On May 29, 1453, the city of Constantinople fell and signaled the official fall of the Byzantine Empire, even though it had been on its last legs for centuries. Indeed, by the time Constantine XI died in his kingdom’s capital, the âempire’ was little more than the city and a couple of small pieces of land. Nonetheless, the sack of Constantinople by the Ottomans (led by Sultan Mehmed II) was a historic moment as the Muslims finally took the city they had coveted for hundreds of years.
The Byzantine Empire had been fractured beyond repair for hundreds of years (some suggest the sacking of the city by the Crusaders in 1204 was the beginning of the end). The city of Constantinople survived numerous attempts at conquest as the sturdy Theodosian Walls kept marauders at bay. Since the Arabs tried to conquer the city in the 670s, Muslims desperately tried to make it their capital.
Although a 1373 treaty ensured the Byzantine emperor was little more than a Turkish vassal, the Ottomans were unable to take Constantinople. Sultan Mehmed II became the Ottoman leader in 1451 and quickly decided the time was ripe to take the stubborn city once and for all. The Byzantine Emperor, Constantine XI, knew he needed new technology and warriors to hold off the Ottomans. In 1451, he hired a well-respected Christian engineer named Urban or âOrban,’ a Hungarian who was an expert in cannon, to help defend Constantinople.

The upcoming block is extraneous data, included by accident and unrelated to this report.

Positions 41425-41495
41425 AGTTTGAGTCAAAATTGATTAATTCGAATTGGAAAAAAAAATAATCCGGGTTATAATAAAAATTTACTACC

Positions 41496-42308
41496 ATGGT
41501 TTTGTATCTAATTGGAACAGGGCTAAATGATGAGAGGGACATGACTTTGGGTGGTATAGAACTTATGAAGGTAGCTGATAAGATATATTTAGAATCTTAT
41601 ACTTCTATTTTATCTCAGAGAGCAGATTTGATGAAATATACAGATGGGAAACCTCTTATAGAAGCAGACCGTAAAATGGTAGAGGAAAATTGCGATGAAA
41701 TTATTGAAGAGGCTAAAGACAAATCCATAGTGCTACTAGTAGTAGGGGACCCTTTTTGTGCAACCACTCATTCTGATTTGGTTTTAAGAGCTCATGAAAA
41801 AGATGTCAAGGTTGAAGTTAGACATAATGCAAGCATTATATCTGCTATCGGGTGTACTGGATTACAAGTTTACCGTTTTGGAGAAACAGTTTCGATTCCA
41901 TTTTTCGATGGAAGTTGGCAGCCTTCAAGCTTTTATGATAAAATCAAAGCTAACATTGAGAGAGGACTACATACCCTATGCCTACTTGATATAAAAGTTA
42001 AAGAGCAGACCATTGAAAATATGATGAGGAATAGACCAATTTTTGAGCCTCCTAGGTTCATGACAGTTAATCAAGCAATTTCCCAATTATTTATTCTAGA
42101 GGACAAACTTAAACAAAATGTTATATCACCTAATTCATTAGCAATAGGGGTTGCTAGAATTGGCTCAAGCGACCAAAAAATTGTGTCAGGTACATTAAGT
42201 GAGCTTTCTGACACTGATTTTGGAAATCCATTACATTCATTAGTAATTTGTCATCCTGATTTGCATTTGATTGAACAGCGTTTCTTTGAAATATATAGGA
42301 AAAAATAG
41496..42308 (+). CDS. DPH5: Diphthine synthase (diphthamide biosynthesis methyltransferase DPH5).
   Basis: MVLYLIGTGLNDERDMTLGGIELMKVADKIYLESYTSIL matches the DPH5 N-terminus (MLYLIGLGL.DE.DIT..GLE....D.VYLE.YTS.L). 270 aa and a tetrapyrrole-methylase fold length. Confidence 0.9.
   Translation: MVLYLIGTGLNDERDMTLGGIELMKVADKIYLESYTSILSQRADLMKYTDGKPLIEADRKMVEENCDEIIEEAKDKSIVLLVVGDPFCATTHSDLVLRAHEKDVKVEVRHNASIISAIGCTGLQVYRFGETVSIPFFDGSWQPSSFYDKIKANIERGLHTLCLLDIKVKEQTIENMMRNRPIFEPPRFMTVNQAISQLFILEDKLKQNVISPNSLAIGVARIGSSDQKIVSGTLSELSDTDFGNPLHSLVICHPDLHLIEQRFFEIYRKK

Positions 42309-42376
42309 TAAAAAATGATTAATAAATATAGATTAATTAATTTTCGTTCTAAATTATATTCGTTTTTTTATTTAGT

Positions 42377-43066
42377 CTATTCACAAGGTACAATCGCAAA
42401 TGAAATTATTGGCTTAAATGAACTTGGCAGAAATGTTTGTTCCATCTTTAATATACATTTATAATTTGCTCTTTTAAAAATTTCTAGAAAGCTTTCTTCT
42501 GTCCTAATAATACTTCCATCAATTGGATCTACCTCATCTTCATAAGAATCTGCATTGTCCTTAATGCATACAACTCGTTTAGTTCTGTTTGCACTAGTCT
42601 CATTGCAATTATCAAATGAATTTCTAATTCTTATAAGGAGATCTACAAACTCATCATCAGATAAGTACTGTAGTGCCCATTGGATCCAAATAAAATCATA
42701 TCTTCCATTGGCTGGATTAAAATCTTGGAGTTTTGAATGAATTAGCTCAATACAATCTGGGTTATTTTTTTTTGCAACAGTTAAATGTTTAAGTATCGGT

However, the Byzantines couldn’t pay the expert enough money to retain the man’s services, so he worked for the Turks instead. The empire’s inability to pay sealed its fate, as Urban produced the largest cannon in history to that point. The Imperial, as it was called, was 29-feet long and fired stones weighing up to 1,300 pounds. The cannon was so heavy that 60 oxen had to haul it from the city of Edirne. The weakness of the Imperial was that it rapidly overheated so it could only fire seven shots a day. Nonetheless, its incredible power proved to be enough to breach the walls of Constantinople. Ironically, Urban died at some point during the siege when one of his superguns exploded.
The Siege Begins
Constantine XI knew the Ottomans were coming so he repaired the Theodosian Walls and stretched a gigantic chain across the mouth of the city’s harbor to prevent an attack on the Golden Horn walls. The Byzantines received little help from Western nations, and the city was defended by no more than 10,000 soldiers while thousands of the city’s residents also took up arms.
In contrast, the Ottomans had forces of up to 120,000 men including cavalry, 70 cannon, and at least 70 ships. The main body of the army arrived outside Constantinople on April 1, 1453, while Mehmed arrived four days later and made his final preparations. The Turkish cannon bombardment signaled the beginning of the siege, and the Byzantines fought bravely against almost impossible odds.
The Turks suffered heavy casualties during the siege, especially after a major battle on April 18 where up to 18,000 Ottomans died. Two days later, four Christian ships fought their way through an Ottoman blockade to reach the city. In the middle of May, the frustrated Mehmed offered to lift the siege if the Emperor would pay an annual tribute of 100,000 gold bezants. Alternatively, all inhabitants could leave with their possessions unharmed. The Byzantines knew they couldn’t afford such a sum nor were they prepared to abandon the city, so they refused in the knowledge that death was likely.